The point of refusing the let the bank cancel the old number, as I mentioned, was that I didn't want to incur that huge time and financial hit while working 70-100+ hour weeks, as I had to at Microsoft for much of my time there. (No longer there now.)
When it eventually the card was cancelled anyway because of the ATM incident, it was a major pain in the neck for months and cost me probably a couple hundred dollars in late fees. Why that? I had longstanding auto-debits attached to accounts with email addresses at old ISP's, old employers, etc. from 10+ years ago. It wasn't always possible to notify me promptly when the autodebits failed, and these were things that might bill once a year, or only when there was a bandwidth overage, etc., so they weren't foremost on my mind either.
That's why I'd said that the *ONLY* good thing about losing the card in the ATM was getting rid of freecreditreport.com. There was an awful lot of hell that went along with losing the card in the ATM that made that experience into quite a net loss.
Security+ is a hellaciously broad survey exam over the entire subject area of computer security, though it doesn't go into much depth in any one place.
We created a 220-page annotated guide to Decrypting the Security+ Beta Objectives, just before the beta exam went live last September, and put it up for free use at http://www.alphageekproductions.com. Within a month, there had been 10,000 downloads from its official home site, PLUS, in one of the more modern forms of flattery, it made its way onto kazaa. Dozens/hundreds of beta participants told us how helpful it was in doing well on the exam.
It's not exactly open source documentation, as redistributing a *revised* document is not permitted, but as long as you're willing to live with the original as a unit, you can pass it around to your heart's content for non-commercial purposes. For that matter, even if you have commercial purposes at heart, we might be willing to let you distribute it if we see the opportunity as good marketing for us. Please contact us with your requests!
It's not completely uncommon for publishers to release drafts of technical books for open peer review, much as software companies release alpha and beta code. But it was unheard of (AFAIK) for someone publishing in the cert space to do this. Normally in this market segment, peer review is done (if at all) by the folks who buy the first printing and unhappily report errors. And if you're in that (significant) percentage of customers who wouldn't know an error when it hit them in the face, because you're using exam study to learn the product in the first place... well, you lose. Through our release, we gained an army of tech reviewers who were not shy about making comments. The final result includes their feedback as well as our own revisions.
Why did we make a draft available for free at the start of the beta? Oh, for zillions of reasons, like:
1. We wanted to get the information out there, in hopes of making people better prepared for the exam; this would hopefully raise the average exam score, and result in the "cut score" that determines pass/fail for the exam being higher than it otherwise would have been. Many certs get a bad rap. We wanted to try to raise the quality of this one, because we feel it's especially important.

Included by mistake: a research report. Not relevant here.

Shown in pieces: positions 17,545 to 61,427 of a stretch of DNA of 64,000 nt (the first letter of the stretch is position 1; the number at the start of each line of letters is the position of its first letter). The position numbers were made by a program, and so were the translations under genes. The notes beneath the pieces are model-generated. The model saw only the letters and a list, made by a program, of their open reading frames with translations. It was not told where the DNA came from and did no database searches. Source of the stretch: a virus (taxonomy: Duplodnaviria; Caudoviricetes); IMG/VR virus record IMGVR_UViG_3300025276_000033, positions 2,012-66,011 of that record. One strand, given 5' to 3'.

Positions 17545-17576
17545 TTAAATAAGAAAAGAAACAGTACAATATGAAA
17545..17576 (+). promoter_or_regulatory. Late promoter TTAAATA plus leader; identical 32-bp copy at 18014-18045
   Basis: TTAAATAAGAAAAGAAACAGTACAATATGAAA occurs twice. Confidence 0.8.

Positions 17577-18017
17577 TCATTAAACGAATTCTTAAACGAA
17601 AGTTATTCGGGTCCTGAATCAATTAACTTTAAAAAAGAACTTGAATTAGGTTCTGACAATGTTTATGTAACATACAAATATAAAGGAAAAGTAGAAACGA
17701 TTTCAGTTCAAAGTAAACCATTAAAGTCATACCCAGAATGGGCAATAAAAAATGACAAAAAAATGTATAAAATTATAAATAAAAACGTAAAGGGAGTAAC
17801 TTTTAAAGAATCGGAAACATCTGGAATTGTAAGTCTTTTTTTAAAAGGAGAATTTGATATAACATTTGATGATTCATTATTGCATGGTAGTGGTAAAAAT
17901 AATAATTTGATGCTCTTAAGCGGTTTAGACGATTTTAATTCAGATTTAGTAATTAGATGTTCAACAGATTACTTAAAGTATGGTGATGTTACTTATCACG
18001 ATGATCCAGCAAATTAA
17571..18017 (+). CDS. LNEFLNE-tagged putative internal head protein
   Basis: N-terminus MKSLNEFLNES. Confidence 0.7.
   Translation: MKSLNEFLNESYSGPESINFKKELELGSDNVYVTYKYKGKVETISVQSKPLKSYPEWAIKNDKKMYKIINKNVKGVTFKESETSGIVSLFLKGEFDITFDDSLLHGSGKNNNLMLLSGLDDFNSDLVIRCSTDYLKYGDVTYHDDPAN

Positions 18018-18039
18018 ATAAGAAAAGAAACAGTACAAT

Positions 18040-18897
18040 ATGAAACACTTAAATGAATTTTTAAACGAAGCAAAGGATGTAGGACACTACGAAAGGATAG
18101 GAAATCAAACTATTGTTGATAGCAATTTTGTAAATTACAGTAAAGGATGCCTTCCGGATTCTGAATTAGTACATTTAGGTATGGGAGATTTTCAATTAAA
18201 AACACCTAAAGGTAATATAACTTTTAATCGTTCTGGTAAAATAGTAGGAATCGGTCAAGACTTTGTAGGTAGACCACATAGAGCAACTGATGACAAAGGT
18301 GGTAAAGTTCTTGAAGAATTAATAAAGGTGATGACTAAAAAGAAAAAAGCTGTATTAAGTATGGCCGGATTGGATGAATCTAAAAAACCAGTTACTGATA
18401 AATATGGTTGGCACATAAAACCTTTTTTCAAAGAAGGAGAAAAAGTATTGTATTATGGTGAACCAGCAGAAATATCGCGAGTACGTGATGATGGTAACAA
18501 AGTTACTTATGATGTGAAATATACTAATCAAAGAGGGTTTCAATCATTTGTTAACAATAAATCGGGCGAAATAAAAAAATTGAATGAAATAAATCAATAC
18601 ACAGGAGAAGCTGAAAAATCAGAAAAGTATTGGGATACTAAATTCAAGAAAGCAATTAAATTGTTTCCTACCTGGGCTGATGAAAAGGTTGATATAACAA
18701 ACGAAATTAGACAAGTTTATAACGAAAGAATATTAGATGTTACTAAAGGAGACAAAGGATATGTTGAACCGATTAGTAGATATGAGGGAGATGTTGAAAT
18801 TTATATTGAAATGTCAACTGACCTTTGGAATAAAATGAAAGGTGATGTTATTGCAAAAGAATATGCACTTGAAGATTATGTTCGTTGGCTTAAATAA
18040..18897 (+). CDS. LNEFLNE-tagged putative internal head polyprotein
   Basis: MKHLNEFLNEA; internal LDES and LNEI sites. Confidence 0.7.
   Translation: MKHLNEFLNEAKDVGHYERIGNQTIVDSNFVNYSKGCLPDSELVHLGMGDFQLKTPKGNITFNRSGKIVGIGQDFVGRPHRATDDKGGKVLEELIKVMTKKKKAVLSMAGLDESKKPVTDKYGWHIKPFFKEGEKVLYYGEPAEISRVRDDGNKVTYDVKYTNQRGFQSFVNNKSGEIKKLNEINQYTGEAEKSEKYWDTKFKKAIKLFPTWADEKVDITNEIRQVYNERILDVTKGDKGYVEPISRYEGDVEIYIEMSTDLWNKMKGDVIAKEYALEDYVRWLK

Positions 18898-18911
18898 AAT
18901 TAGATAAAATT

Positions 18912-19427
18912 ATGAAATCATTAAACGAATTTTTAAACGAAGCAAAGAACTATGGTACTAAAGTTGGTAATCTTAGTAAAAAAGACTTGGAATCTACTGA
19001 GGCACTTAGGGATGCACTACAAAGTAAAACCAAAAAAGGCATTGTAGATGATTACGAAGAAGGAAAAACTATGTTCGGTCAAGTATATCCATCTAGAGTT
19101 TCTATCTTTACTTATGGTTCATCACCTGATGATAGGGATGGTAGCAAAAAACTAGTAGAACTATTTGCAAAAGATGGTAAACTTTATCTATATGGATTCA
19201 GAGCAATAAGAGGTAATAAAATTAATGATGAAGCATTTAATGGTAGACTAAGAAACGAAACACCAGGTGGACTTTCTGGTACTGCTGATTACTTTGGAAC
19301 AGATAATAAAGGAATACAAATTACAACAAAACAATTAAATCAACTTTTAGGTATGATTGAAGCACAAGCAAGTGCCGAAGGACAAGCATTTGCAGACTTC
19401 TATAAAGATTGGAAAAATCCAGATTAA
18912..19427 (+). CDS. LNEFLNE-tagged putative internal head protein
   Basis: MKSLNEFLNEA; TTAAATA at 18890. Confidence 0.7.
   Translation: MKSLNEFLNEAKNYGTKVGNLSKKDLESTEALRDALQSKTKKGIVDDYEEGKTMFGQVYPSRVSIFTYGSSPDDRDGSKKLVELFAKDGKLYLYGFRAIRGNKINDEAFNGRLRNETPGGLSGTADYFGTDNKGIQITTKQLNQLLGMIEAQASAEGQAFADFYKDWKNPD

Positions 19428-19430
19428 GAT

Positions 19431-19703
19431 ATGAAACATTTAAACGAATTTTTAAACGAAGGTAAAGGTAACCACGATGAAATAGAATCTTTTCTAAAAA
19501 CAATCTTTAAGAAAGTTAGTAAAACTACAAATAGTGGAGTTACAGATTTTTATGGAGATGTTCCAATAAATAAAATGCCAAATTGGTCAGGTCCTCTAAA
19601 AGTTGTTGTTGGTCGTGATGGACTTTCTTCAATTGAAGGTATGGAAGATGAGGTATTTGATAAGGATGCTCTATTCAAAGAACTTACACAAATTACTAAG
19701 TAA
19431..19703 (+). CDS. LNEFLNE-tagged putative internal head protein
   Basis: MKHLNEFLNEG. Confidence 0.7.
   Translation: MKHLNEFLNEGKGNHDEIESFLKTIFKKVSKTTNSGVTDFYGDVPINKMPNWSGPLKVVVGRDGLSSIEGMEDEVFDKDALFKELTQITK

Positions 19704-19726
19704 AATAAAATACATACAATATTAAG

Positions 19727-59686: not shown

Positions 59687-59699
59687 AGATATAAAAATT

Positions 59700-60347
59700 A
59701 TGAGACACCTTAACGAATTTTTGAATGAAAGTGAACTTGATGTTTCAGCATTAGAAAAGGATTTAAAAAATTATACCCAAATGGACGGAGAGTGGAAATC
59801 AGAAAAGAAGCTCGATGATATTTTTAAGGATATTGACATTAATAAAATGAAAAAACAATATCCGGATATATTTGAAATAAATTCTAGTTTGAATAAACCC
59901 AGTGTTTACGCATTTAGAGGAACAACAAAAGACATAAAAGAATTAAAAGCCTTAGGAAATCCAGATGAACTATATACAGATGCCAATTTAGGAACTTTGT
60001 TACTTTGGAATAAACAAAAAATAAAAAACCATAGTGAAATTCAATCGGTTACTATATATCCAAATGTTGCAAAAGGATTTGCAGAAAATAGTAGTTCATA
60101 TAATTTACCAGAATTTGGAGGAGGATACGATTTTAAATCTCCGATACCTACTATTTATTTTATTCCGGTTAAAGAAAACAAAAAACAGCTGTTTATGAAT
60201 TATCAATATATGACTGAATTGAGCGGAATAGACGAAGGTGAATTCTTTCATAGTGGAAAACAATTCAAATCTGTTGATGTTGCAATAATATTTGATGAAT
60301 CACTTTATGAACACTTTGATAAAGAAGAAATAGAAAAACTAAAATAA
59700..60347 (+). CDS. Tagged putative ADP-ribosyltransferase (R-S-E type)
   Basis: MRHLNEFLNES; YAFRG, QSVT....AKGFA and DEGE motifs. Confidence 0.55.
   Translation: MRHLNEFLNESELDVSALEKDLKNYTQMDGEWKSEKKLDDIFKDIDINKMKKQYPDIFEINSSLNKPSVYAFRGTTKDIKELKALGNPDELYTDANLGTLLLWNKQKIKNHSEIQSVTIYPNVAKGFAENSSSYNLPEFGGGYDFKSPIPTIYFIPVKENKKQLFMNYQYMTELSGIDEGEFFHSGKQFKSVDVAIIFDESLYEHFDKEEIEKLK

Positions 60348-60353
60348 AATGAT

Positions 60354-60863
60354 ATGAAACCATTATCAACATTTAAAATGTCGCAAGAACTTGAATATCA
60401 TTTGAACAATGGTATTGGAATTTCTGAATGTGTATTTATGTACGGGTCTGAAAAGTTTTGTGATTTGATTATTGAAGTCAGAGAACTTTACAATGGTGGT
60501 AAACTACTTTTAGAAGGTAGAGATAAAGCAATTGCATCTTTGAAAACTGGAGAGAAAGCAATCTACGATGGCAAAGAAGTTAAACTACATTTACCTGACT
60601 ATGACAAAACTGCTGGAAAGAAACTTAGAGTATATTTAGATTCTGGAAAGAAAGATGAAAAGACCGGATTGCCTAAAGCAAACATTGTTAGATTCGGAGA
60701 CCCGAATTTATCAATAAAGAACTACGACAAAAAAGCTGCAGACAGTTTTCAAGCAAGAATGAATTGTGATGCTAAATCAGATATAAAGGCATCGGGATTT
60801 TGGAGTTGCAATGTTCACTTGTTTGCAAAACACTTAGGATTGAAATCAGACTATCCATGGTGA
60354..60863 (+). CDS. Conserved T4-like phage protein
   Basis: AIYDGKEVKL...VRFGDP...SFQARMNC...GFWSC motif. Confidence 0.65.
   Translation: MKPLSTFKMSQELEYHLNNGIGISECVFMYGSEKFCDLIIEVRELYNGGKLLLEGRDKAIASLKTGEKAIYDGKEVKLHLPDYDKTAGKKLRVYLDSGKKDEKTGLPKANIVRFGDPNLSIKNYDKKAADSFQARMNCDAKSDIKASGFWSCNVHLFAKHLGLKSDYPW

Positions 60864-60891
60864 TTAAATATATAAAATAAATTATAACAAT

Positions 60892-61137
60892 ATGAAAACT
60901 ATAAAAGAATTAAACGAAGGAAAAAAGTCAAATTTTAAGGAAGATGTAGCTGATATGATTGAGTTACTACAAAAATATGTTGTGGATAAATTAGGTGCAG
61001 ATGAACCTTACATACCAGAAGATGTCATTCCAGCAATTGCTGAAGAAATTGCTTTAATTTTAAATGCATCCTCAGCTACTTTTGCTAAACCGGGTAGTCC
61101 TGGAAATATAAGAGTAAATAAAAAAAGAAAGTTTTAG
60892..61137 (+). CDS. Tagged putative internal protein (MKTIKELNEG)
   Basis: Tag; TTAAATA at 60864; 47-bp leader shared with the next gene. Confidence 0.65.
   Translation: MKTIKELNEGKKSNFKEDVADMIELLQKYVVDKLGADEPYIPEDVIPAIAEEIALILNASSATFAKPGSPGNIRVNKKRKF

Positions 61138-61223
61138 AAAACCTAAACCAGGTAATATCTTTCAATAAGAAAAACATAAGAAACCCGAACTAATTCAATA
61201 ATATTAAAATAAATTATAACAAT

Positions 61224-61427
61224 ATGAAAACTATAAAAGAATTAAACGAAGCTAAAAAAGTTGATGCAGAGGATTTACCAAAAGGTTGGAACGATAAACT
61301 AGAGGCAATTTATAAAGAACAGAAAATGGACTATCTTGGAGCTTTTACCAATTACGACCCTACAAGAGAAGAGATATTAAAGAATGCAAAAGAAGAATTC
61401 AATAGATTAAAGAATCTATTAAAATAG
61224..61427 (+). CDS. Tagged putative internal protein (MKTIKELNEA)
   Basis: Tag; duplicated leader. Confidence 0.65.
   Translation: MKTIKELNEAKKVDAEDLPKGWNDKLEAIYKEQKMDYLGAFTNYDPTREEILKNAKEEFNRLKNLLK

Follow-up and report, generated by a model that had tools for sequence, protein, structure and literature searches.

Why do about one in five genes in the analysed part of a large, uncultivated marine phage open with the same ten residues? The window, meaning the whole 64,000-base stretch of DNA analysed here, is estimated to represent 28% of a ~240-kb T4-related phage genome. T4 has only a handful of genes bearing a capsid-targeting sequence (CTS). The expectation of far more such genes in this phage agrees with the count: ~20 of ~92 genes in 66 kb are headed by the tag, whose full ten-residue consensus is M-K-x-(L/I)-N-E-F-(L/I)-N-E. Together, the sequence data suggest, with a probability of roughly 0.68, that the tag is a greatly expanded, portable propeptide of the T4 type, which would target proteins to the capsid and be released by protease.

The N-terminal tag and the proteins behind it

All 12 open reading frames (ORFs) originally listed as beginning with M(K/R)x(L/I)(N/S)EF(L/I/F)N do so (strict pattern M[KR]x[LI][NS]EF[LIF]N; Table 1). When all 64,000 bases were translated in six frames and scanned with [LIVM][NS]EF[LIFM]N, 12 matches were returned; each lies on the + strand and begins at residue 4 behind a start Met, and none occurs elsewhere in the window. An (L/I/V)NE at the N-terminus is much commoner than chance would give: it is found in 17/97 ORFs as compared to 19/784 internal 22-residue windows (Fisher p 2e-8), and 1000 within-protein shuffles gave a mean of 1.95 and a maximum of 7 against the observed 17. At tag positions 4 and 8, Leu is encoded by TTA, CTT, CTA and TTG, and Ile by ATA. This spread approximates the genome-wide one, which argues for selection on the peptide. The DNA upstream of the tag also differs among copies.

2. Free is a good price. If you're not really at the point of wanting to BUY a book on security, you might be willing to download a free one. If you learn something you didn't know before reading our book, we've just had a positive impact on the world, and this is something, as responsible humans, that we like.
3. Market share and mind share are good things. Currently, we've got the lion's share of both, for this particular subject area. Generally the best way to get the word out about something without pissing folks off is to give them something they want, along with the marketing message (be it trade show schwag, "marketing betas" of software which are so named for exactly that reason, free news in magazines or web sites such as /.).
4. If we wrote and timestamped the document before the start of the beta exam period, we were safe from any cries of "braindump" (people complaining we were distributing actual exam content, which is against the rules). Our final book was built primarily from this first draft for the same reason. I think, actually, that draft is the ONLY study material certified to have been produced prior to someone involved in the book taking the exam. Normally, this would not be something to crow about, but in this case... folks, we guessed remarkably well as to the types of questions that might be asked about each topic area. Incomplete though it is, the freebie guide is nonetheless a very useful prep tool.
5. Of course, since this is /. after all, doing what has not been done before, and changing the rules of the game, is simply fun. We shook up the cert book publishing industry a bit, and even caused a dotcom to suddenly reverse direction (deciding to offer for free, somewhat-competing content that they'd planned to charge for).
After the Security+ book is out, watch for my comments on the security-related chapters I'm starting to write for a VB.Net book.
This is a lame test of /.'s journaling. Yay, just four days until my friend shows up to visit for a few days. :-) :-)